A Brief Explanation of My Life as a Baseball Fan

I’ve been a baseball fan since I went to my first Mariners game.  I was about 7.  I don’t remember much from that first game except eating cotton candy with my older sister, sitting in the 300 level at the Kingdome.  My dad brought us, introducing me to baseball, continuing the most American of traditions.

Each time I was given the chance to go to a game I accepted.  My dad reluctantly became a Mariners fan after growing up a Red Sox fan outside Boston.  The visiting team we saw most often was the Red Sox, and as such I’ve developed an affection for them as well.  I always liked baseball, but I was bitten bad my freshman year of high school.  It may have had to do with a teeny little crush on Russ Davis, our intrepid 3rd baseman, but my love of baseball was pure.  I tried to write every paper for school on baseball and grew to admire and respect the stars of the past.

Baseball was a natural sport for me to gravitate towards.  It’s a sport that has a rich history and a respectful history, full of arguments and lore.  It’s a cerebral sport, with more going on than meets the casual eye.

In high school I was also an Atlanta Braves fan, watching their games each afternoon after school on TBS, followed by the Mariners later that evening.  My dad and I came up with nicknames for the players and bantered throughout each game.  I thank my love of baseball for the close relationship I developed with my dad and the bond that lives on to this day.

I began college at the University of Massachusetts where my passion for the Mariners earned me the nickname Mariner Mandy, which continues to this day.

But as I grew up and began working and fighting for free time in the adult world, my baseball time was severely diminished.  I worked at Safeco Field for 4 seasons, putting up close and personal with my favorite team in my favorite sport.  Up close and personal isn’t always a good thing.  I once wanted to marry a baseball player so I could get free tickets to every game; after seeing what they are really like I think I prefer to buy my own.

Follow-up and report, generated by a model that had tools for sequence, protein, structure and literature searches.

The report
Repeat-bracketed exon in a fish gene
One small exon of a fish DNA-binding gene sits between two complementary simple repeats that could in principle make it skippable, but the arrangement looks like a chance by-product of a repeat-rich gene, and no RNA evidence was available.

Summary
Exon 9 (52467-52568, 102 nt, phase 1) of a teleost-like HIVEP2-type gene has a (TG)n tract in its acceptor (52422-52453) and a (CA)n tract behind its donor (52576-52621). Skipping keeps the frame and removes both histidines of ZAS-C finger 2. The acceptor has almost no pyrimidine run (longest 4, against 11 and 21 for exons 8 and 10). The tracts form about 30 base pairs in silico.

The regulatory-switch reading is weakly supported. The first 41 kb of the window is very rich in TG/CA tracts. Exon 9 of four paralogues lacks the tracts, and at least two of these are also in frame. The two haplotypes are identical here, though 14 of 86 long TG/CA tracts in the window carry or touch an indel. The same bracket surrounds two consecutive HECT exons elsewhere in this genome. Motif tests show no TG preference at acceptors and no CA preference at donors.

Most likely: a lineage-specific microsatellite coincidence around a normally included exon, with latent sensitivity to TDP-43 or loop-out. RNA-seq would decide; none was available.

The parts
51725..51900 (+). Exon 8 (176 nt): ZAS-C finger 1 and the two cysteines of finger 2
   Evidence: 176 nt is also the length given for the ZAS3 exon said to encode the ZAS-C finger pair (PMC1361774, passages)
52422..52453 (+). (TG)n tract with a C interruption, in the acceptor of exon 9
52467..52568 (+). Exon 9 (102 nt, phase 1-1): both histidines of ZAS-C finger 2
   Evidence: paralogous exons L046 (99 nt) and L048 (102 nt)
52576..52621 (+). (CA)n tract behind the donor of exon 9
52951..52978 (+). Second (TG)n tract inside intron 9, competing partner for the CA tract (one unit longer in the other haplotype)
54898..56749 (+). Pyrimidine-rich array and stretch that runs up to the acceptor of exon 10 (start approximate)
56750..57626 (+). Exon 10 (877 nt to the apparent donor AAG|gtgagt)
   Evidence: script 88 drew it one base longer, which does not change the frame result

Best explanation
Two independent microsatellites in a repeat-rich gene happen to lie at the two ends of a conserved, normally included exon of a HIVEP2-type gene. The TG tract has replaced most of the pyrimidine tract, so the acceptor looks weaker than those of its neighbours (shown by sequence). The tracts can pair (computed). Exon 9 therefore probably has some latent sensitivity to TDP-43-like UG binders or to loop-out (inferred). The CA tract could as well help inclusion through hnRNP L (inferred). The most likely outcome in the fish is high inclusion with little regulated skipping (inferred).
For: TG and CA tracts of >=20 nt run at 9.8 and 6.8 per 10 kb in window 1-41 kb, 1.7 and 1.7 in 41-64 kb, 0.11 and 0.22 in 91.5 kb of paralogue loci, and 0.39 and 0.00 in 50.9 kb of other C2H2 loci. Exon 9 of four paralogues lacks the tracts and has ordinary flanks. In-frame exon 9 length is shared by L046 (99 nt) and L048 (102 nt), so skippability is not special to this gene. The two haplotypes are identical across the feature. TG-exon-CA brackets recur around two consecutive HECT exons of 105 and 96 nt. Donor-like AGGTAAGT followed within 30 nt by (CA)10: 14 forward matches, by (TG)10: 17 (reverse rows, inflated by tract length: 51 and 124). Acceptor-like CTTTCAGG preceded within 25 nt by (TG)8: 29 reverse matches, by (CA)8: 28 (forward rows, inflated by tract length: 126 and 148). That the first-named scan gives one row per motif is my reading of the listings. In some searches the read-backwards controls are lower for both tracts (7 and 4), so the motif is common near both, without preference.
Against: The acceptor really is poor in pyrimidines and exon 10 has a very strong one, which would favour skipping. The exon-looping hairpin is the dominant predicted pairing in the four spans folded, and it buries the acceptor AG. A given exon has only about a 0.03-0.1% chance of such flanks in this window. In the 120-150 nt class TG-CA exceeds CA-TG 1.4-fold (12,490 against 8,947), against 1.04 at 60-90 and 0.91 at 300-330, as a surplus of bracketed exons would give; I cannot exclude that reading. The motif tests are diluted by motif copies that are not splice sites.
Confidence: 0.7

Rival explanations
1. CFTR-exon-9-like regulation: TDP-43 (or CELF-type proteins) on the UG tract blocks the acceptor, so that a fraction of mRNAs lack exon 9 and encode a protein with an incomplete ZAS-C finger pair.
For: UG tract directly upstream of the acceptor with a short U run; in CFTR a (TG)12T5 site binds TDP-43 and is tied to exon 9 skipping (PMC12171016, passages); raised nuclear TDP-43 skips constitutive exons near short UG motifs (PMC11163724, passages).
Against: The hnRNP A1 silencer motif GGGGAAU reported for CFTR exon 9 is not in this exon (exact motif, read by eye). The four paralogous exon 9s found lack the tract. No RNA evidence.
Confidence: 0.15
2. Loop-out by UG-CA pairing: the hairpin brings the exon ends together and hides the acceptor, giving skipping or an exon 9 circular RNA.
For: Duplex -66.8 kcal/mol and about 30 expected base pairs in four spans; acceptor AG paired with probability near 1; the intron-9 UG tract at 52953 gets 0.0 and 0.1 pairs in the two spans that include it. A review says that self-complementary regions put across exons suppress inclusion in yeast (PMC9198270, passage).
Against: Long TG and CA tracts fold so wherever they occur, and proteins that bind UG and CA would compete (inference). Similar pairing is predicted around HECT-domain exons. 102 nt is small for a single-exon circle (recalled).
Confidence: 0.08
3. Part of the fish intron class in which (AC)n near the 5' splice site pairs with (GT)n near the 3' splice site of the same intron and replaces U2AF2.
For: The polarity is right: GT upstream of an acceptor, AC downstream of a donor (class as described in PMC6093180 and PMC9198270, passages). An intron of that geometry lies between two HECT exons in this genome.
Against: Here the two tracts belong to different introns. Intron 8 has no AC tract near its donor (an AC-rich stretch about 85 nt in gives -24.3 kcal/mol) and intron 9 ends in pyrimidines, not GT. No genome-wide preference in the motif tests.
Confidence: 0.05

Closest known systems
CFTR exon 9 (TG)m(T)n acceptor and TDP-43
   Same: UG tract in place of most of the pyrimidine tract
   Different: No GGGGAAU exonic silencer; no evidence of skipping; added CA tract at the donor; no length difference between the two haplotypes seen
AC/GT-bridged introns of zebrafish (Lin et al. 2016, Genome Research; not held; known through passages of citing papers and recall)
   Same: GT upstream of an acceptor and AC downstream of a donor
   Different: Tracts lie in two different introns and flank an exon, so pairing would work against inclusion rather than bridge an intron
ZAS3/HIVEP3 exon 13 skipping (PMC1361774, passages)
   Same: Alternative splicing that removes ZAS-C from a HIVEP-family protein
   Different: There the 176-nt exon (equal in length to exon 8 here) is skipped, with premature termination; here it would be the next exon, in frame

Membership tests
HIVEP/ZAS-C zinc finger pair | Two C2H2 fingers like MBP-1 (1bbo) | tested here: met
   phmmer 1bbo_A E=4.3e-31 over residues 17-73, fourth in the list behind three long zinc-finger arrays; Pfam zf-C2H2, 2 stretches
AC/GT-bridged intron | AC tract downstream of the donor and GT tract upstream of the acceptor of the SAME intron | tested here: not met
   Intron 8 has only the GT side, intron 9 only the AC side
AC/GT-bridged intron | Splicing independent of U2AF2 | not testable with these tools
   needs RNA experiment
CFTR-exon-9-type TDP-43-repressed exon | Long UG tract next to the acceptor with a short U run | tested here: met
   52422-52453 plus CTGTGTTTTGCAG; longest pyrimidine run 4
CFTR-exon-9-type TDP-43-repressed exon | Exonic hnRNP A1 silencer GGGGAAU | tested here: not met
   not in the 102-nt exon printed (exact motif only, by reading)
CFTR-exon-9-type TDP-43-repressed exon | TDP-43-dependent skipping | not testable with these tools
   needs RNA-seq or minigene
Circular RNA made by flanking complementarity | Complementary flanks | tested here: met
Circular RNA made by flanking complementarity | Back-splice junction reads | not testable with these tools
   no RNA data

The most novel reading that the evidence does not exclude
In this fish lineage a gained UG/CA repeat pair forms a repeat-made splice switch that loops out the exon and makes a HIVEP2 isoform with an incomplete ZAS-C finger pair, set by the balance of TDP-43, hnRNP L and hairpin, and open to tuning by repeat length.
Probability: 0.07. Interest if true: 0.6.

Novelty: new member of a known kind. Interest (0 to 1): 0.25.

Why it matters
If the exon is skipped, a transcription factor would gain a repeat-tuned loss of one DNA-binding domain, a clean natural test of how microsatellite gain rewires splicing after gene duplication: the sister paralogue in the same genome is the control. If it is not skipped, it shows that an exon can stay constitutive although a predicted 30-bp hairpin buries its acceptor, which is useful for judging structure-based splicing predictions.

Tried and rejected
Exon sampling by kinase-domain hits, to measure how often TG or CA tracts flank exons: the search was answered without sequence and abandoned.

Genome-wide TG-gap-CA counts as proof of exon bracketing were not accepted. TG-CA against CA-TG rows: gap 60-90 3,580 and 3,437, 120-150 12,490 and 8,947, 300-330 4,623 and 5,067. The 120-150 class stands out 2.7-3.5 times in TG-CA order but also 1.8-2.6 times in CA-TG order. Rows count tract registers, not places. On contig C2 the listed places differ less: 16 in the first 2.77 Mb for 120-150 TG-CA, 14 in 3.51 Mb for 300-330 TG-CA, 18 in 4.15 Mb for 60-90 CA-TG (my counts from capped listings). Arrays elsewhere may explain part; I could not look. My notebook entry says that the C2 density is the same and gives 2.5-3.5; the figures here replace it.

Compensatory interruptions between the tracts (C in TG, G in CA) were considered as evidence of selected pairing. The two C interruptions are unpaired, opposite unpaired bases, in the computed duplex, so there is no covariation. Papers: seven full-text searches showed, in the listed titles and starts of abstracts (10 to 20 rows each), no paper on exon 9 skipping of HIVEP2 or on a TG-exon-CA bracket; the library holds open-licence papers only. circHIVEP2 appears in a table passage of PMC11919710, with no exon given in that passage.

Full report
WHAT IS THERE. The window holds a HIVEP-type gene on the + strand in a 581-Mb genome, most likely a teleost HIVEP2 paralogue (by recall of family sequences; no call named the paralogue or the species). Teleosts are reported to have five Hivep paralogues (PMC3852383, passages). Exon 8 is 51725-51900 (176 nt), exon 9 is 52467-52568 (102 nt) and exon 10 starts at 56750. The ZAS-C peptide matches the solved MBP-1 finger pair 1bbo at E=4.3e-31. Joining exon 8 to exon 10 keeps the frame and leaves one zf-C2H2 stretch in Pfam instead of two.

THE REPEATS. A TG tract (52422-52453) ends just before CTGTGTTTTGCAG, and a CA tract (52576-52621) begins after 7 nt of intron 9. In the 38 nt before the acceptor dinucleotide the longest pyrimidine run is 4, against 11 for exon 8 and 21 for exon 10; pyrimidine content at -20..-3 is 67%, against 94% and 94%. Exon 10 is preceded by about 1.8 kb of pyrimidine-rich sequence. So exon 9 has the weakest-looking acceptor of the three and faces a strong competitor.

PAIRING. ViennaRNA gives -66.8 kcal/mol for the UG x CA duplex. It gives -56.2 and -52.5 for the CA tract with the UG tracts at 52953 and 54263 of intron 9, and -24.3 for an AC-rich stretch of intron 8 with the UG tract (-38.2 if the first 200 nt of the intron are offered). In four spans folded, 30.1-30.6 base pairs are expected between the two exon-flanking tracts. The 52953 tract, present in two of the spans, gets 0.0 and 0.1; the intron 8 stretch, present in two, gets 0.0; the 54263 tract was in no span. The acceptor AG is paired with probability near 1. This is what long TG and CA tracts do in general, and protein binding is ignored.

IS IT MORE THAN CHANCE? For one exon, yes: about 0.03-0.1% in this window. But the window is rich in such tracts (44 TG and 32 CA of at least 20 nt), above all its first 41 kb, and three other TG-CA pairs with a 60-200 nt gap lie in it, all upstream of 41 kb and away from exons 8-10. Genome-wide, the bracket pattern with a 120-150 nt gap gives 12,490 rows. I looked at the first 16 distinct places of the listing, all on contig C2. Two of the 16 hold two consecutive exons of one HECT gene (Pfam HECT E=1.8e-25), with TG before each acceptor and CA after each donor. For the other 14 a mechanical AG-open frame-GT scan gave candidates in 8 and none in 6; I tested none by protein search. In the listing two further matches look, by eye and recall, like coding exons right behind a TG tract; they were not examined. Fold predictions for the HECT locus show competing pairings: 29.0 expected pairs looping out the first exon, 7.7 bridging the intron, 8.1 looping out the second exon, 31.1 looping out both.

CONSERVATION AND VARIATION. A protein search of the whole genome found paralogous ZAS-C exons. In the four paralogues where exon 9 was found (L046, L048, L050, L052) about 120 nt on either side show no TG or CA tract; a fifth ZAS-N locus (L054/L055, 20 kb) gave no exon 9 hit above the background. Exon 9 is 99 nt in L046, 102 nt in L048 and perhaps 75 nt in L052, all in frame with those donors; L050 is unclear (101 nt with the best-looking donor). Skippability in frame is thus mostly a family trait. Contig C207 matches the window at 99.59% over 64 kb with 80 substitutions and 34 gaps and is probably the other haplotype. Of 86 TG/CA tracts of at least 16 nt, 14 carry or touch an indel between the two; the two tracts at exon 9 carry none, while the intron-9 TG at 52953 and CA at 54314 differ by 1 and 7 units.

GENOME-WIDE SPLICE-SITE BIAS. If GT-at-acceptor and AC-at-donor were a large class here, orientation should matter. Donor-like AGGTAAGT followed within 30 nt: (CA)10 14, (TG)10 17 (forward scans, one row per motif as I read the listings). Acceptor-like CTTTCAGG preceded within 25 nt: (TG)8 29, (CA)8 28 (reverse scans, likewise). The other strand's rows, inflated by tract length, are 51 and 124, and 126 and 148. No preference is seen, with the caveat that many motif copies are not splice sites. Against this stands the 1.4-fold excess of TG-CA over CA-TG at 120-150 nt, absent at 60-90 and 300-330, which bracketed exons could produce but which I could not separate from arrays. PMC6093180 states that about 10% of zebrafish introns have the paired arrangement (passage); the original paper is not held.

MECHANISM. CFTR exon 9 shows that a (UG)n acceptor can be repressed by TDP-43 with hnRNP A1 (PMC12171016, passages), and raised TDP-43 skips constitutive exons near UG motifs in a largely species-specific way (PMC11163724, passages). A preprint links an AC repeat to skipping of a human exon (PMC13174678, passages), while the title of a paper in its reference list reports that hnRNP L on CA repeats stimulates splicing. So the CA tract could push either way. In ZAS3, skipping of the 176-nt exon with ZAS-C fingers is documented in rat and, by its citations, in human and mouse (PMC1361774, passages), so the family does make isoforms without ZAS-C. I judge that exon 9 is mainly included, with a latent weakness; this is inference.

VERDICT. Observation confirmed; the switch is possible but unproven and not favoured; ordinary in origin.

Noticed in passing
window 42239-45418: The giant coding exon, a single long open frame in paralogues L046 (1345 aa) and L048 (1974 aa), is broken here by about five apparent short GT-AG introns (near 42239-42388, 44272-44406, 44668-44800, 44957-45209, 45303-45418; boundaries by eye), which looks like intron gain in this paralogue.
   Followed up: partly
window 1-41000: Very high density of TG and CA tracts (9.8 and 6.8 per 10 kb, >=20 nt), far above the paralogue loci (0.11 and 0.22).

Then the steroids scandal broke and I feel away from baseball for a number of years.  The betrayal, the feeling of losing the stars and accomplishment of my childhood hurt.  I’d been cheated by the sport I loved.

The Red Sox winning the World Series in 2004 kept me somewhat connected to the game, but the Mariner teams in the years after 2001 have been awful and try as I might to focus on Ichiro and his small ball and defense that I loved, it wasn’t enough to keep me involved.

But baseball is my kryptonite and as wounded as I feel from it, I’ve slowly been coming back.  I’ve been reading more books, watching more, and when Mark McGwire confessed and confirmed that the home run race of 1998 was fully a sham I felt a sense of relief, that the worst was over.

I’m a baseball fan pure and simple.  I’m not a GM or a statistician.  I love the game and the million games within a game.  I was fascinated with Moneyball and find the new statistics and measurements to be beyond interesting.  But the fact is, I love the stolen base, the perfectly placed bunt, the diving outfield catch.

I’m starting this blog because I want to write about baseball, as a fan.  Despite what the steroids era took from me, there are some experiences that will live forever untarnished.  The 1995 season was incredible.  I will never forget the one game playoff against the Angels or Griffey’s mad dash for home in the Division Series.  It’s not just the moments on the field that make memories for baseball fans.  I remember clearly all the crazy superstitions I’ve developed and gone through.  From as simple as not eating or going to the bathroom during a game to as insane as eating a Carmel Apple pop at precise moments (hey, it helped the Mariners to a 20-7 June of  1997!).

Baseball is life.

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